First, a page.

EconomyBiden's Economic Successes Overshadowed by Inflation Fears

Biden’s Economic Successes Overshadowed by Inflation Fears

US economy is booming, but not everyone is happy
It seems challenging for President Biden to convince Americans about his economic agenda of Bidenomics

President Joe Biden has been touting his economic achievements, but many Americans are not feeling the benefits. High inflation, uncertainty about the future, and political polarization overshadow the positive indicators of growth, jobs, and stock market performance.

The economy is booming, but not everyone is happy

According to the latest Bureau of Labor Statistics data, the US economy added 353,000 jobs in January, far exceeding economists’ expectations. The unemployment rate remained at 3.7%, the lowest level in 50 years. The S&P 500, the benchmark index for the stock market, reached new highs, boosting the retirement savings of millions of Americans.

However, these impressive numbers have not translated into higher public confidence in the economy. A new CNN poll shows that most Americans still have a negative view of the economic situation, and only 38% approve of Biden’s handling of the economy. The main reason for this disconnect is the persistent problem of inflation, which has eroded the purchasing power of consumers and raised the cost of living. Americans are also worried about the impact of the COVID-19 pandemic, which is still not entirely under control, and the looming threat of climate change, which could disrupt the economy in the long term.

Biden’s economic agenda, dubbed “Bidenomics” by his supporters, is based on investing in public goods, such as infrastructure, education, health care, and clean energy, to create more jobs, reduce inequality, and address the challenges of the 21st century. Biden has also proposed raising taxes on the wealthy and corporations to pay for his spending plans and strengthening the social safety net for the most vulnerable.

Former President Donald Trump, who is expected to run against Biden again in 2024, has a very different vision of the economy. Trump claims that he is responsible for the economic recovery and that Biden’s policies will ruin it. He argues that lower taxes, less regulation, and more trade protectionism are the keys to economic success. He also accuses Biden of being manipulated by the Federal Reserve, which he alleges is keeping interest rates low to help Biden’s popularity. Trump has also spread conspiracy theories about the validity of the economic data, suggesting that they are rigged or manipulated.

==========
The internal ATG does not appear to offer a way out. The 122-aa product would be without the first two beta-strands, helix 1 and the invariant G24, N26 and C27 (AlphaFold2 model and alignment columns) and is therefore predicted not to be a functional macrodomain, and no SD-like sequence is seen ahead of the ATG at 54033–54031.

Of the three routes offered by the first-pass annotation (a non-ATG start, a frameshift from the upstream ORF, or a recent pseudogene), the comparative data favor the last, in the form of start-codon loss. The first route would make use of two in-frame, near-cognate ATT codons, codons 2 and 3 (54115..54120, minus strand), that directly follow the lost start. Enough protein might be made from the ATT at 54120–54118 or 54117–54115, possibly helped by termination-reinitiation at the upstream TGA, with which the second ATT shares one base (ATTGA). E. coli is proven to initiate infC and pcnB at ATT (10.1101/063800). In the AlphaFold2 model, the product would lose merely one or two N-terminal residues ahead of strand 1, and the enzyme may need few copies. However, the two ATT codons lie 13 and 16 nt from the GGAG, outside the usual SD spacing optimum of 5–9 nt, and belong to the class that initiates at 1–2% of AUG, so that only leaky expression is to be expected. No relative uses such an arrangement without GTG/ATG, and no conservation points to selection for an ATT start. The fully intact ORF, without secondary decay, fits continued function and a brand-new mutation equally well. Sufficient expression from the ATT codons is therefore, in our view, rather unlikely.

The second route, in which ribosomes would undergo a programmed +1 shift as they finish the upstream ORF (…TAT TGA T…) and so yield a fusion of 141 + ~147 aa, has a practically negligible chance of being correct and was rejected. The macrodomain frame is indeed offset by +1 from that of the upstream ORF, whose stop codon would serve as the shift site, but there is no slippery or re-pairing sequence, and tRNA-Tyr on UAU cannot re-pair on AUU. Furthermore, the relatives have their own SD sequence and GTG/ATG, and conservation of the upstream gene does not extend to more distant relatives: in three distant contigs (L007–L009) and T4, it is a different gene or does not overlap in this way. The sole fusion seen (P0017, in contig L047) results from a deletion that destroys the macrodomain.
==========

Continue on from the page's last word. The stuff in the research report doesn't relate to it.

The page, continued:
Public opinion changed in Biden’s favor

Biden faces a tough challenge to convince the American people that his economic policies are working and that they will benefit them in the long run. He needs to communicate more effectively and clearly about his achievements and goals and counter the misinformation and attacks from his opponents. He must also address the concerns and frustrations of those struggling with inflation, unemployment, or other hardships. He needs to show empathy, compassion, competence, and leadership.

There are some signs of hope for Biden, however. The CNN poll also shows that the public mood is improving slightly, and more people expect the economy to improve in the next year. The inflation rate has also moderated in recent months, and the Fed has signalled that it will not raise interest rates anytime soon. The Covid-19 situation is also improving, thanks to the widespread vaccination and the availability of treatments. If these trends continue, Biden may be able to win over more Americans to his economic vision and secure his re-election in 2024.

The economy may look better for Biden if inflation keeps dropping

But according to CNN’s polling editor Ariel Edwards-Levy, many Americans are not convinced. She says that almost half of the country, 48%, believes the economy is still slacking. Only 35% of Americans think things are going well in the country today, a slight increase from 28% who felt that way last fall.

She also says that only 26% of Americans think the economy is beginning to bounce back from the issues it faced in the past few years, but that’s a bit higher than 20% last summer and 17% in December 2022.

Affordability remains a challenge. The Fed’s efforts to curb inflation were supposed to be challenging but necessary, but they are causing more anger.

Sen. Elizabeth Warren and other Democratic senators wrote a letter to the policymakers on Sunday, saying they must recognize that “sky-high” mortgage rates are making housing unaffordable for many.

“We ask you to take into account the impact of your interest rate choices on the housing market and to undo the worrying rate increases that have made affordable housing inaccessible for too many,” Warren and fellow Democratic Sens. John Hickenlooper, Jacky Rosen and Sheldon Whitehouse wrote.

Their letter shows that the robust economy is not felt the same by everyone.

People who want to buy or sell a house would not say this is a good economy. People who work in sectors like tech have faced massive layoffs and would not say this is a good economy. And people who still think eggs are more costly than they used to be may wonder how this can be a good economy.

Nathan Enzo
Nathan Enzo
A professional writer since 2014 with a Bachelor of Arts in Journalism and Mass Communication, Nathan Enzo ran the creative writing department for the major News Channels until 2018. He then worked as a Senior content writer with, including national newspapers, magazines, and online work. He specializes in media studies and social communications.


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